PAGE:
Following years of grappling with Hoboken’s seemingly intractable parking problem with a variety of approaches such as easily rented cars and new regulations, then promoting bicycling as an alternative to the automobile, city officials are currently in the final planning stages of a new initiative to place signage throughout the Mile Square City intended to encourage an even more basic form of transport: walking.
In what is easily one of the most walkable towns in Hudson County, the city hopes the sign program will promote the ease and pleasure of walking throughout Hoboken by advertising the distances to certain points of interest, such as the Hoboken Train Station or City Hall.
The idea surfaced earlier this year when Raleigh, N.C. resident Matt Tomasulo began placing his homemade signs around that city with an arrow pointing to typical tourist attractions and listing the amount of time it would take the average person to walk to that attraction.
“We want them to know that it’s not only an easy walk to Carlo’s Bakery, but [also to] lots of [other] great things along the way.” – Mayor Dawn Zimmer
The story was picked up by news outlets around the country and eventually made its way to city officials in Hoboken.
“We have a very walkable city,” said Mayor Dawn Zimmer, who later added that city planners have reached out to Tomasulo and are currently in the finishing stages of developing a final plan for the signs.
“I think they’ve just about finalized a plan that they want to present to me,” said Zimmer, who later added that the initiative will seek the approval of the City Council.
“I would want to get their approval and buy-in,” continued Zimmer, “and it’s a way to communicate to the public what we’re doing and give them a chance to give their feedback.”
Zimmer also hinted at the potential notion of “biking signs,” which could inform bicyclists the average distance of landmarks by bike. The city is currently in the process of implementing new bike lanes on many of the major roads (see our April 29 story).
During the last meeting, the council voted 5-3 to update the city’s signage placement restrictions. According to Zoning Officer Ann Holtzman, the adopted ordinance will make the sign requirements less restrictive than the current regulation.
Officials said that the signs will also be used to promote art galleries, city landmarks, and tourist attractions, such as Carlo’s Bakery.
“We could potentially use it to support economic development,” said Zimmer.
“We want to be welcoming people who are visiting Hoboken,” continued Zimmer. “We want them to know that it’s not only an easy walk to Carlo’s Bakery, but [also to] lots of [other] great things along the way.”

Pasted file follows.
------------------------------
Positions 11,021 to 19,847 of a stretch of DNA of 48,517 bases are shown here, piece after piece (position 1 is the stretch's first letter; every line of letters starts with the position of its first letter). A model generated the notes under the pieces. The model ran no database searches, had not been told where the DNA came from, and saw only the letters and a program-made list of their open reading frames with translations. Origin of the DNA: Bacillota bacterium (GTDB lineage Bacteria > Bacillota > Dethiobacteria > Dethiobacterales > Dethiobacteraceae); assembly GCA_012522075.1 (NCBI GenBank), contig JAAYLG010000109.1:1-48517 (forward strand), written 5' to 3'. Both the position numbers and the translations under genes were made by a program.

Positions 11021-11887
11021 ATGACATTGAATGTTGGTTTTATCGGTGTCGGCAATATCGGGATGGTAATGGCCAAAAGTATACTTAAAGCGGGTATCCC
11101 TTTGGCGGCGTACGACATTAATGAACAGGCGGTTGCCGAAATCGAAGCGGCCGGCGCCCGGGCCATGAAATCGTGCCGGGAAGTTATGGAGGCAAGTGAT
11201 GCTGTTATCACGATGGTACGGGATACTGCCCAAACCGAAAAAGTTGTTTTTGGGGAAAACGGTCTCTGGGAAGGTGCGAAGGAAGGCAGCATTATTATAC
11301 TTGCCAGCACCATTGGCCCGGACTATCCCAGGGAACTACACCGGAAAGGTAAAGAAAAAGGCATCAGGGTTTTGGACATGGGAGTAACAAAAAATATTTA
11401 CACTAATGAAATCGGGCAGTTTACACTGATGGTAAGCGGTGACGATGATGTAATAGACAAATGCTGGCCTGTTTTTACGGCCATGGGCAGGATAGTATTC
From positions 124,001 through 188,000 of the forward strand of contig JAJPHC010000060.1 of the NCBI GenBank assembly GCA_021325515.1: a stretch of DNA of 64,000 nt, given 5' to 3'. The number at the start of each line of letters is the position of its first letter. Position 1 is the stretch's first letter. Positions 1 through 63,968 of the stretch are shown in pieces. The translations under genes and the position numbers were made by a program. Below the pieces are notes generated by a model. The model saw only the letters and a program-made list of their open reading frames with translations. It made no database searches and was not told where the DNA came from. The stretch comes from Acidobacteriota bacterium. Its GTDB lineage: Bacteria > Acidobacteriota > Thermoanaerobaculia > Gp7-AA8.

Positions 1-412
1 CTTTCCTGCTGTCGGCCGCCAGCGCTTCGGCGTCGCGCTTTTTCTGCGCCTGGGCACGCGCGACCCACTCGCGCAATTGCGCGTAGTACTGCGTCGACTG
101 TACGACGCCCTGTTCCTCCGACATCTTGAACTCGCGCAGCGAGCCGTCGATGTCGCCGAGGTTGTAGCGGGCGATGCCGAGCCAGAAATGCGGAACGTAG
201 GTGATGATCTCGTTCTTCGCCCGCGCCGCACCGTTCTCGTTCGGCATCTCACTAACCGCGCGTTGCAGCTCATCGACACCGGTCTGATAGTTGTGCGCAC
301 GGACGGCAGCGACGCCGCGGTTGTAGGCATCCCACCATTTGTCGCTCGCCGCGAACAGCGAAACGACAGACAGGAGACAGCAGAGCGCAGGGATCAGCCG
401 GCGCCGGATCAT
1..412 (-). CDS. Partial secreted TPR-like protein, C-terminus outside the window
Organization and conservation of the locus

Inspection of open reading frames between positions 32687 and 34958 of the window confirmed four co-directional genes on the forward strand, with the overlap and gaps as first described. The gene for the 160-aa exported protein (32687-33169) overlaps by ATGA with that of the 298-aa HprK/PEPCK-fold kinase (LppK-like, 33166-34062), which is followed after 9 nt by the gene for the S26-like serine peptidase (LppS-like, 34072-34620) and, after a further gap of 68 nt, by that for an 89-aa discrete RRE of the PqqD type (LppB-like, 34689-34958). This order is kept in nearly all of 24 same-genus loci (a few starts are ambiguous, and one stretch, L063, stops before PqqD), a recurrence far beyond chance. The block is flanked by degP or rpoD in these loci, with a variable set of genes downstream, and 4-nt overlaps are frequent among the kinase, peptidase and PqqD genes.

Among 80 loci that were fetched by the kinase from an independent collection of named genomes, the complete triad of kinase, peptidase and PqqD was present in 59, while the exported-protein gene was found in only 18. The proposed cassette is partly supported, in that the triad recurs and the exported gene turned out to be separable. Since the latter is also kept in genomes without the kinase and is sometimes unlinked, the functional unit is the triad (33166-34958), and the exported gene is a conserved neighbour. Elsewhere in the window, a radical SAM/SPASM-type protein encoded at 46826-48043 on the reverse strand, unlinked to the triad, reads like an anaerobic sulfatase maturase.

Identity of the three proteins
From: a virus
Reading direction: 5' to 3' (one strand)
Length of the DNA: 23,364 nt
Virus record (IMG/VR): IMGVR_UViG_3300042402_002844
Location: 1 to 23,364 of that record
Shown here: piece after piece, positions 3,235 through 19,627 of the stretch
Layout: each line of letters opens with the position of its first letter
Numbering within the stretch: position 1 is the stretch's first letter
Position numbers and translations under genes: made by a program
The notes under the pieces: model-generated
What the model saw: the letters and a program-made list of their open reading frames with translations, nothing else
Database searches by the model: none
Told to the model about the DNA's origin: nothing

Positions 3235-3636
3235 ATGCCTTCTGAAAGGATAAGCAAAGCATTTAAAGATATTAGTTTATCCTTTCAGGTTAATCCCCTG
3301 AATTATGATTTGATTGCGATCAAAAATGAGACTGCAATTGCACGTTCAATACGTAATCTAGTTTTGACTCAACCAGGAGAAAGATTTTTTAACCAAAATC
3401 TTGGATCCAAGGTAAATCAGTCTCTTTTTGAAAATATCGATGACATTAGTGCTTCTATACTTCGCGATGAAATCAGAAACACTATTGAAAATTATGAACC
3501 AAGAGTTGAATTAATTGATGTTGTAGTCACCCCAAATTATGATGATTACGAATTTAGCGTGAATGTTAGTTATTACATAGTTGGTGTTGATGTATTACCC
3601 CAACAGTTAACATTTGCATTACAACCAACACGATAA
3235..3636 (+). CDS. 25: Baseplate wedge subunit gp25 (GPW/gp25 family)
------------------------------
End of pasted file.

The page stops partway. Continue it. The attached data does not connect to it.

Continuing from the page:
According to officials, the signs could be used to promote city initiatives like the monthly gallery walk, which takes place every third Sunday and highlights new exhibits around the city from local, regional, and international artists. Zimmer said the signs could direct people toward specific galleries.
According to Zimmer, QR codes – which can be scanned by smartphones and link users to schedules, fares, and route information – could also be placed on the signs to promote city services such as the Hop shuttle buses.
“We’d promote events we’re doing, direct people to nearby parking garages, [etc.],” said Zimmer. “It’s something that could increase flexibility.”
‘A simple idea’
Tomasulo said that he did not expect his idea to be covered by the media as extensively as it has. As the founder of CityFabric, Tomasulo started with the simple intention of building resident engagement with cities and other places through materials such as signs and t-shirts.
“I enjoy walking in Raleigh, and realized that it really is not that far to walk places even though no one does,” said Tomasulo. “The signs are a simple idea and information source [that help] shift the perceived idea that it’s too far to walk from one district to another in Raleigh.
“Because I started CityFabric with the intention of building civic and social engagement with places,” he continued, “it made sense that [CityFabric] would help fuel other ideas and projects that are trying to accomplish the same [idea].”
Tomasulo said that he is excited that his idea is being spread to communities such as Hoboken.
“It is absolutely great that Hoboken is planning to adopt the signs,” said Tomasulo. “We [CityFabric] are currently working on a platform that will help cities like Hoboken create and install the signs more efficiently.”
Stephen LaMarca may be reached at email@example.com.